“Three days be­fore that, though, would you say you’re in-com­pe­ti­tion? Are you be­ing com­pet­i­tive with any­body?”

Your an­swer to this ques­tion will ul­ti­mately de­ter­mine whether you fall on the side of Saun­ders, the BBBC and UKAD, or VADA and the Mas­sachusetts State Ath­letic Com­mis­sion.

Cer­tainly, there’s an ar­gu­ment to be made that Saun­ders, in com­ply­ing with the in-com­pe­ti­tion and out-of­com­pe­ti­tion reg­u­la­tions out­lined by UKAD, has done noth­ing wrong, or at least noth­ing out of the or­di­nary. Yet, equally, the no­tion that a train­ing camp – the eight, 10 or 12 weeks pre­ced­ing a fight – has no bear­ing on a boxer’s even­tual per­for­mance is a dif­fi­cult one to grasp.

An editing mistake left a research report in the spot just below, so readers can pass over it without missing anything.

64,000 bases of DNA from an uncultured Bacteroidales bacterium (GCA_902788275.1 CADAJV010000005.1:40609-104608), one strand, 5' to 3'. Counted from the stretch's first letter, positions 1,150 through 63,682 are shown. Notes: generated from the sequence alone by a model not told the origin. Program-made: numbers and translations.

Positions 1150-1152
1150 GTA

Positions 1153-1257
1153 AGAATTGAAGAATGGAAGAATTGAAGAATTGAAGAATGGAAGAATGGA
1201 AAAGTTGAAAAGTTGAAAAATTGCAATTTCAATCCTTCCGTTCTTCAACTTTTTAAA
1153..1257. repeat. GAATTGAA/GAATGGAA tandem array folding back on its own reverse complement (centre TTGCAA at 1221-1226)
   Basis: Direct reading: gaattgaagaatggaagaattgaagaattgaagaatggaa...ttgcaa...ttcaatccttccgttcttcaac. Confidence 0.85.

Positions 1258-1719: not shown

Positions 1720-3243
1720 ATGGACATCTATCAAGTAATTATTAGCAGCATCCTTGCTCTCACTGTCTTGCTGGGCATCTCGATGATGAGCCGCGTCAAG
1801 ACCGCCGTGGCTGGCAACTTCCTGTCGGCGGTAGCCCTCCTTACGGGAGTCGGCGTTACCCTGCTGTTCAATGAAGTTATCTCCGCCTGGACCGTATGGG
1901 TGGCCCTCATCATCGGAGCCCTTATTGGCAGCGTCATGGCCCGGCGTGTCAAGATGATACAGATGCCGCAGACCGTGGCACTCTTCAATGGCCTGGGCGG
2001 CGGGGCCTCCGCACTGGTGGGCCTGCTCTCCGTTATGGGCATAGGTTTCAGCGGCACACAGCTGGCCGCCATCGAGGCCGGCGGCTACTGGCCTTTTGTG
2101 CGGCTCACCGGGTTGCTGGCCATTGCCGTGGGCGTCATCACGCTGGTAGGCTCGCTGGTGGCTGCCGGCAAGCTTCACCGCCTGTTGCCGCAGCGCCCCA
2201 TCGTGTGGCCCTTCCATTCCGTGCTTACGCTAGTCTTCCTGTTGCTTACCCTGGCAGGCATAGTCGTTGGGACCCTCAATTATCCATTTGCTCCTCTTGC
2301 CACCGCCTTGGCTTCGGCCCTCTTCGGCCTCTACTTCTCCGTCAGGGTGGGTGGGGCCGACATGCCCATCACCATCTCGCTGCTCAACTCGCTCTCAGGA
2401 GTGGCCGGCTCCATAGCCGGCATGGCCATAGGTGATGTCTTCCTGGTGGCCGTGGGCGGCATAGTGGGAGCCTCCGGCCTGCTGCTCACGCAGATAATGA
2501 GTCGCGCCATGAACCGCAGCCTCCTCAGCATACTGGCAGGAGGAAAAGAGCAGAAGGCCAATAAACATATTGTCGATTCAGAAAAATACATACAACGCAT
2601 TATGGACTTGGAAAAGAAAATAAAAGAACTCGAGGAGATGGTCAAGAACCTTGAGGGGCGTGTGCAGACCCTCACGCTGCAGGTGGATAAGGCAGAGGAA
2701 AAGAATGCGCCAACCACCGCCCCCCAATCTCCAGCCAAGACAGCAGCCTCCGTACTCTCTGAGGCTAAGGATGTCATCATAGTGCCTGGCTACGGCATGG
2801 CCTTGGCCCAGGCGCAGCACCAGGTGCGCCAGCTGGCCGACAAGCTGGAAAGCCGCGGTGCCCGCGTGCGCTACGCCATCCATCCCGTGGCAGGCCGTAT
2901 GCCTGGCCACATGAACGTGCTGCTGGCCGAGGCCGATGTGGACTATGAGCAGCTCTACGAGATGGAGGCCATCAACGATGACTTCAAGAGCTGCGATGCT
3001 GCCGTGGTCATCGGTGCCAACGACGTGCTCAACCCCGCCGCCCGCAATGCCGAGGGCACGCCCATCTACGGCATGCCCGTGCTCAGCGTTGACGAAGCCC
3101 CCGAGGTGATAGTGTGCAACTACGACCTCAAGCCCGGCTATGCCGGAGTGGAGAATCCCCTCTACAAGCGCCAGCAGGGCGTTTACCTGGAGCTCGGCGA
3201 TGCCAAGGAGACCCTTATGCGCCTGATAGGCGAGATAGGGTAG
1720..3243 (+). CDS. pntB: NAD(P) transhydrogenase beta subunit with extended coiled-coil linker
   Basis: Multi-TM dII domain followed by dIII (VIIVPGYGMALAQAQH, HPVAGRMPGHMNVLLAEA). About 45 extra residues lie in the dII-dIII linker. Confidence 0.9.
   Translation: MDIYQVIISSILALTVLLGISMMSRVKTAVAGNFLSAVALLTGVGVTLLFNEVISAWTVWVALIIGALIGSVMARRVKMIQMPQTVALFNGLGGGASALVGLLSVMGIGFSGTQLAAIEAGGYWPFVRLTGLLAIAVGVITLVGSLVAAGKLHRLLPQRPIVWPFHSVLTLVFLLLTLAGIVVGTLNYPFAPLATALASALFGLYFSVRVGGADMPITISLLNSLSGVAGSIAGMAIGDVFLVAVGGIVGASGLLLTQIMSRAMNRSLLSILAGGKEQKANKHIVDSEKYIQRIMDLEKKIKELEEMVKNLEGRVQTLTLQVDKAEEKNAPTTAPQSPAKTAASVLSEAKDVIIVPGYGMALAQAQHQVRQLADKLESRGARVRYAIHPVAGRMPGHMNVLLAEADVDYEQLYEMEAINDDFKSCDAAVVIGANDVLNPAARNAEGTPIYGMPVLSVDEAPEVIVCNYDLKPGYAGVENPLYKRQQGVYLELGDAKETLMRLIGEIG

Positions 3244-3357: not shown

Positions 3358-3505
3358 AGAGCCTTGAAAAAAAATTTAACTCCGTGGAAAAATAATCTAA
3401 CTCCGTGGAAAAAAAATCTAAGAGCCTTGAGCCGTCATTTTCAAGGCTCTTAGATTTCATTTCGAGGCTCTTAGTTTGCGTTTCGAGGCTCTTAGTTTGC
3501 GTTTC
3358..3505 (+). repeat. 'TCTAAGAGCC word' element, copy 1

“When you think about it, it’s a nat­u­ral de­ci­sion by the com­mis­sion,” Ed­die Hearn, An­drade’s pro­moter, told IFL TV. “What is the point in sign­ing up for drug-test­ing if, when you fail, ev­ery­one just goes ‘don’t worry about it, just let him fight’? The ar­gu­ment that it’s all right with UKAD is to­tally ir­rel­e­vant. You signed up for drug-test­ing with VADA, the best test­ing agency, in my opin­ion, in the sport. If UKAD thinks in-com­pe­ti­tion should just mean the night of the fight, you are telling me a fighter should be al­lowed to take ox­ilofrine and ephedrine to cut weight and get faster and stronger and po­ten­tially do more to an op­po­nent on the night.